Perennial Flowers that Rarely Need Dividing

Flowering Perennial Plants that Need Dividng Every 10 Years or Less

Many gardeners plant perennials because they think they will be lower maintenance. Unfortunately, some perennials can be very demanding, requiring frequent division, staking, deadheading, and watering. So it pays to do some research before you start planting.

These 10 perennial flower plants need division only every 10 years or so - if at all. If you are looking to make your garden lower in maintenance, consider planting a few of these and saving your back for turning the compost.

  • 01 of 10
    Balloon Flowers

    For such delicate flowers, this is one tough plant. Balloon flower also has a tap root. You will notice that becoming a trend among flowers that don’t like division. Older plants can even become a bit woody. This is another plant that is best left to reseed.

  • 02 of 10
    Bugbane (Cimicifuga racemosa)

    Bugbane or Black Cohosh is an imposing plant that can get woody, with age. It also has a deep tap root, that will make it difficult to lift and fussy about division. Put your bugbane in a spot of honor, let it grow into a focal point and leave it be.

  • 03 of 10
    Butterfly Weed (Asclepias tuberosa)

    Butterfly weed is one of the last plants to poke its head up in the spring. It will not be rushed. Butterfly weed likes to stay put. It sends down a deep tap root, which is always a sign that a plant does not wish to be moved, lifted or divided. You will probably get volunteers, which should be moved while they are young before they too send down roots.

  • 04 of 10
    Columbine (Aquilegia hybrids)

    Dainty columbine is a star of the mid-spring garden, bursting into bloom as the bulbs fade and the summer colors try and get started. Columbine will self-seed and spread, but the main plant rarely needs dividing. You can always pot up the babies, to use elsewhere.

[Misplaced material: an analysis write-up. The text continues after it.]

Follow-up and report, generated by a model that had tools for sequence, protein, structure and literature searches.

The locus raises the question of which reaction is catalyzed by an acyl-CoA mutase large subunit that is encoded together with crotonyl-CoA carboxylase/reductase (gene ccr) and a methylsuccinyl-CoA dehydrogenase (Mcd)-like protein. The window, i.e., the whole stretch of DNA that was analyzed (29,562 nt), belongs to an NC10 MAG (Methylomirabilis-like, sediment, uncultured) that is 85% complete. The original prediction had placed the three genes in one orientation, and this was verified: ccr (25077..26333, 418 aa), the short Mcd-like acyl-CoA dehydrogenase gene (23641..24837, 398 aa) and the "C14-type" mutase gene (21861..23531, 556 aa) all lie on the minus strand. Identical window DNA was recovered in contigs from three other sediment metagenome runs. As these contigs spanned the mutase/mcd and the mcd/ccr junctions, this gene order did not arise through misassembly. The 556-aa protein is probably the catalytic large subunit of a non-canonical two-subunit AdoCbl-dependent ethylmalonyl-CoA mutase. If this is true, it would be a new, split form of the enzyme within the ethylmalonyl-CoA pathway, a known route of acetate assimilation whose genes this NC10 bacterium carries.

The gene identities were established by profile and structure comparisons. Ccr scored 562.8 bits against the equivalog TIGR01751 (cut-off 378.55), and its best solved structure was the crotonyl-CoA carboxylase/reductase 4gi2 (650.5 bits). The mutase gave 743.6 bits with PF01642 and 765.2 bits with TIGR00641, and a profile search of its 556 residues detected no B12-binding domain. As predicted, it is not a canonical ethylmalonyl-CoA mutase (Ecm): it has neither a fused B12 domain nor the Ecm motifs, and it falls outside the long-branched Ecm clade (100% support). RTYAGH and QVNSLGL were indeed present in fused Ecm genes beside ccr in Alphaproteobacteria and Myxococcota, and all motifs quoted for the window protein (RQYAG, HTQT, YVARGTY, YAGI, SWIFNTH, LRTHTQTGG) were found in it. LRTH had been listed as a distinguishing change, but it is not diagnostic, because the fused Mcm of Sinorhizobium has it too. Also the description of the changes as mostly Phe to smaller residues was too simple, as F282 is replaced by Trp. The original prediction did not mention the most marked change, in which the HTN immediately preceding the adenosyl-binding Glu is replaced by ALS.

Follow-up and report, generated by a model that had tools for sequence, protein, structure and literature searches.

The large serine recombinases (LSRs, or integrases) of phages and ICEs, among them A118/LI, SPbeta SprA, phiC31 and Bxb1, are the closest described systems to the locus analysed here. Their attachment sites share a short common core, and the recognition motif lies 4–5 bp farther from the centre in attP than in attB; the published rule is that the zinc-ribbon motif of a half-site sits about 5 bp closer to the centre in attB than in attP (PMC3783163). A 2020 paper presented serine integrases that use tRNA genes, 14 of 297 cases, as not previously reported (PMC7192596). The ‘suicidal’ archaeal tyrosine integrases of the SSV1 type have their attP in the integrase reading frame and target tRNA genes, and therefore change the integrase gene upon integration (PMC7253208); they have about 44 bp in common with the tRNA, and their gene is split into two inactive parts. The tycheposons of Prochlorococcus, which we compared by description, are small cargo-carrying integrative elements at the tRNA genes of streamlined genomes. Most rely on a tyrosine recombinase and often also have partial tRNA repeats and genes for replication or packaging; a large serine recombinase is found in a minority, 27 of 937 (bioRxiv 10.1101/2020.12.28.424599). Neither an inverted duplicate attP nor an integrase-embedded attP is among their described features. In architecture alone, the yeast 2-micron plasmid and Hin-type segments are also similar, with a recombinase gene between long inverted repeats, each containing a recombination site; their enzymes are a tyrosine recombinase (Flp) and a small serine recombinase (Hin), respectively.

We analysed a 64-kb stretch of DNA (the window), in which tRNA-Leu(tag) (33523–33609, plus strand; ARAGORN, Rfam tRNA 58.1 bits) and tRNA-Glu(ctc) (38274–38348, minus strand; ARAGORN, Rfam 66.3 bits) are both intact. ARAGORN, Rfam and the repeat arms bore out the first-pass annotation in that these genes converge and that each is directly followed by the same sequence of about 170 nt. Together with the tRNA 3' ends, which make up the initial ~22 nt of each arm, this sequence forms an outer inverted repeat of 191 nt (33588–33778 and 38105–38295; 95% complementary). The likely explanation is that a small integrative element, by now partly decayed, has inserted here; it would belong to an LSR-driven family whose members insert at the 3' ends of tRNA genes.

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  • 05 of 10
    Joshua McCullough/Getty Images
    There isn’t a bolder blue plant out there and now Baptisia comes in dusky purples and yellows, too. But they all have deep tap roots and prefer to stay anchored in the spot they’ve been planted. Baptisia should not need any division, at all. Just enjoy.
  • 06 of 10
    Hellabores ( Hellebores orientallis)
    Hellebores are one of those plants that get better with age. They take their time filling out and you won’t need to divide very often, if at all. The only reason to divide Hellebores is to make more or to relocate them.
  • 07 of 10
    Hosta Plants

    If you’ve ever lifted a hosta plant, you have seen the thick gnarly mass of roots they form. Hosta plants get wider and wider, without dying out in the center. They are basically slow growing ground covers, perfect for so many tough spots. If only the deer would leave them be. You can leave them be, but hosta will adjust well, if you choose to divide them.

  • 08 of 10

    Monkshood (Aconitum napellus)

    Monkshood (Aconitum napellus)

    Beautiful blue monkshood is a late season stunner, especially when used to light up a shady garden. But it hates to be disturbed and you don’t have to divide it at all unless you are trying to make room or make more plants. Remember, all parts of this plant are poisonous and they may irritate your skin. Wear gloves.

    

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  • 09 of 10
    Hisako Sugano/EyeEm/Getty Images

    Nothing says Old House like a large stand of peonies. These beauties never, ever need to be divided. You can divide or move them if you really want to, but they can take a couple of years and just pout before they adjust to new surroundings. The best time to divide peonies is in the fall.

  • 10 of 10
    Kazuo Ogawa/Aflo/Getty Images

    Russian Sage is a woody perennial that is almost a shrub. It is next to impossible to lift the plant because its wispy roots run off in all directions. And Russian sage simply doesn’t adjust well with transplanting. However they will send up new plants and it is possible to dig the smaller volunteers and move them, with some success.